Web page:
A fractional distillation tower in Ohio. (Photo courtesy of A-Gas RemTec.)
A fractional distillation tower in Ohio. (Photo courtesy of A-Gas RemTec.)

Reclamation is in a rut. Shortly after the arrival of the Montreal Protocol, 25 years ago, came the 3 R’s: Recover, Recycle, and Reclaim. Service technicians would recover refrigerant to avoid fines for illegal venting. They’d then run the gas through an on-site recycling machine to clean it up a bit. But if they were not sure how pure the stuff they were planning to put back into the system was, they would put a virgin version of the same refrigerant into the system and send the old stuff to off-site reclamation facilities, to be brought back to the certified highest level of purity — ARI 700.

The reality is that in 2012, and thus far in 2013, few technicians and contractors are bringing R-22 back for reclamation despite an abundance of capacity at many reclamation facilities.

“Based on the U.S. Environmental Protection Agency (EPA) report, the amount of R-22 reclaimed year over year has remained relatively flat for the past five to six years, hovering around 5 or 6 percent of HCFC-22 demand,” said Debra D. Goodge, refrigerant reclaim programs manager for DuPont. “Beginning in 2010 with the issuance of the Final Rule (regarding phase out of R-22), there was an expectation that reclaim would be needed to fill a projected R-22 supply-demand imbalance — somewhere in the neighborhood of 27.5 million pounds each year. For the past two years, there has not been an uptick in the amount of reclaimed R-22 going through reclaimers. It’s remained steady around 8 million pounds.”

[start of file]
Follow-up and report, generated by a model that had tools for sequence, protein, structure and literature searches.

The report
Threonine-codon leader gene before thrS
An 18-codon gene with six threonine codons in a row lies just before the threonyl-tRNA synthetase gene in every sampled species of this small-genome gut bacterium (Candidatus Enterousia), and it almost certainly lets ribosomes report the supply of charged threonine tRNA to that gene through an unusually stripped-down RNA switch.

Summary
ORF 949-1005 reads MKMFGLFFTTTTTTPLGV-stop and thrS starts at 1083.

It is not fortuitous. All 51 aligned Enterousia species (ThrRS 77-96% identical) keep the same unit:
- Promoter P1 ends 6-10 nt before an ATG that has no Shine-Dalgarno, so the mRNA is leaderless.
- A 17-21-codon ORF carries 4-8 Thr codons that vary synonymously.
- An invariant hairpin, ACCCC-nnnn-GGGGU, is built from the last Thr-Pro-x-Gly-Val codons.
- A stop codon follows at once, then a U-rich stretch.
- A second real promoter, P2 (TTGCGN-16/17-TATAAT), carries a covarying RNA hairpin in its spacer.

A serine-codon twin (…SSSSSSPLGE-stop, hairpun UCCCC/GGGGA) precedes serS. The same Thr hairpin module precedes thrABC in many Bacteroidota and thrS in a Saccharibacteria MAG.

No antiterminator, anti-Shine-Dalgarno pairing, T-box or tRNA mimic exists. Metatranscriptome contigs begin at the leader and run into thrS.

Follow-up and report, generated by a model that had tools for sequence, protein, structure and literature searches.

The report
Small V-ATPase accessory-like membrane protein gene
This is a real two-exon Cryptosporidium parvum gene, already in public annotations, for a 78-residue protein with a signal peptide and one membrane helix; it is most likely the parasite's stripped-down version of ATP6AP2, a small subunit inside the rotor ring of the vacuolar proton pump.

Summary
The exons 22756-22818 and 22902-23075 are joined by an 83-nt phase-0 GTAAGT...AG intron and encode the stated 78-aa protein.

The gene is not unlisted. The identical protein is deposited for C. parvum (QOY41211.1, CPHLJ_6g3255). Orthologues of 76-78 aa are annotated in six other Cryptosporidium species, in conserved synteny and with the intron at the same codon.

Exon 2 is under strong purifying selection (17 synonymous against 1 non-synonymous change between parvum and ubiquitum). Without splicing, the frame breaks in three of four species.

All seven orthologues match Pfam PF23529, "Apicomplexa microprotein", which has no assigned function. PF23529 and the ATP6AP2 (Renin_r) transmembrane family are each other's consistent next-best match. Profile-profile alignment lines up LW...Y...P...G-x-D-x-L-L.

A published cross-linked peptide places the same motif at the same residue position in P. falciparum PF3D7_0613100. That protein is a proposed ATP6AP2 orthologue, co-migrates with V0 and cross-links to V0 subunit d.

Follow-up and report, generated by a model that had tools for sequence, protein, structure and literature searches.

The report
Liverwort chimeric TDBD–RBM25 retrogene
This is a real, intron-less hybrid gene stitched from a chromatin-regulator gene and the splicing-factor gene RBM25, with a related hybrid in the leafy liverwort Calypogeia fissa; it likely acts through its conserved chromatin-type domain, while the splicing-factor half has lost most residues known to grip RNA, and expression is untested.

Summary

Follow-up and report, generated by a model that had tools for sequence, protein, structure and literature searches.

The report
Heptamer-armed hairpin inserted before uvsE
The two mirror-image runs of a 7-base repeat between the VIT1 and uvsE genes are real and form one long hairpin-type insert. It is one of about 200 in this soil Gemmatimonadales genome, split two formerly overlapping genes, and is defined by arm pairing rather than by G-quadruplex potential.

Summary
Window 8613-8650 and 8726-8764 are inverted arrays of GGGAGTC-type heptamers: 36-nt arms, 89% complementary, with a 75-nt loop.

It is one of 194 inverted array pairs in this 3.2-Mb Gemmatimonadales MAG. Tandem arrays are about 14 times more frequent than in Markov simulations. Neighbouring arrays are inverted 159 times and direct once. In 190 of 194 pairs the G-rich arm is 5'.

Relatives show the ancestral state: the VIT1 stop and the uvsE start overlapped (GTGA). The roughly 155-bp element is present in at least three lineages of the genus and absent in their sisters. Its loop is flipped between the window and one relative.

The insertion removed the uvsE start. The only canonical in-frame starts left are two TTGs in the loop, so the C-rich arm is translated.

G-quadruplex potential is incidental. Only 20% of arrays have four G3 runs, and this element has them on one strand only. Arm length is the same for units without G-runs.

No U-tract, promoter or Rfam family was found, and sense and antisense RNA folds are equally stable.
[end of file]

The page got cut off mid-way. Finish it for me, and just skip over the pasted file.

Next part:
Christopher Foutz, marketing manager, Honeywell Refrigerants, said, “The amount of R-22 reclaimed in 2011 was similar to the amount of R-22 that was reclaimed in 2006.”

What’s the Problem?

“One of the major contributors to the flat or declining recovery rate is that many R-22 users have adopted a practice of reusing their recovered refrigerant,” said Gordon McKinney, vice president and COO, ICOR Intl. “Even though some might be making an attempt to recycle (filter out particulates and/or separate out oils), without properly analyzing the recovered gas to determine composition and quality, the user and equipment owner are rolling the dice.”

Walt Baker, vice president of sales and marketing, Polar Technology, said, “A lot of this can be attributed to the commodity nature of refrigerant gases. Supplies are plentiful and prices reflect the availability of supplies. Therefore, the role of reclaim has been relegated to philosophies regarding environmental stewardship.”

Then there is the economics of reclamation for the contractor, said Ken Beringer, senior vice president of Airgas Refrigerants Inc. “The industry has not seen a significant increase in returned R-22 because, in my opinion, the majority of the product is harvested in small batches which do not have a great deal of value. Until January 2012, the returned gas had very little value and, in many cases, there was a disposal charge when the product was returned.”

Patti Conlan, who manages the reclaim program for Arkema, said, “In the past, the volume of reclaim has been low due to monetary gains not being passed down to the contractor level as an incentive to reclaim, as well as the possible legal and illegal reuse of R-22.”

Yet awareness is growing, said James Sweetman, president, Consolidated Refrigerant Solutions. “We have seen heightened awareness among contractors regarding the need to become involved in a viable reclaim program.”

Arkema’s Conlan is also predicting an uptick. “As the EPA has anticipated, we have just recently started to see an increase in reclaim coming back with the increasing price of R-22.”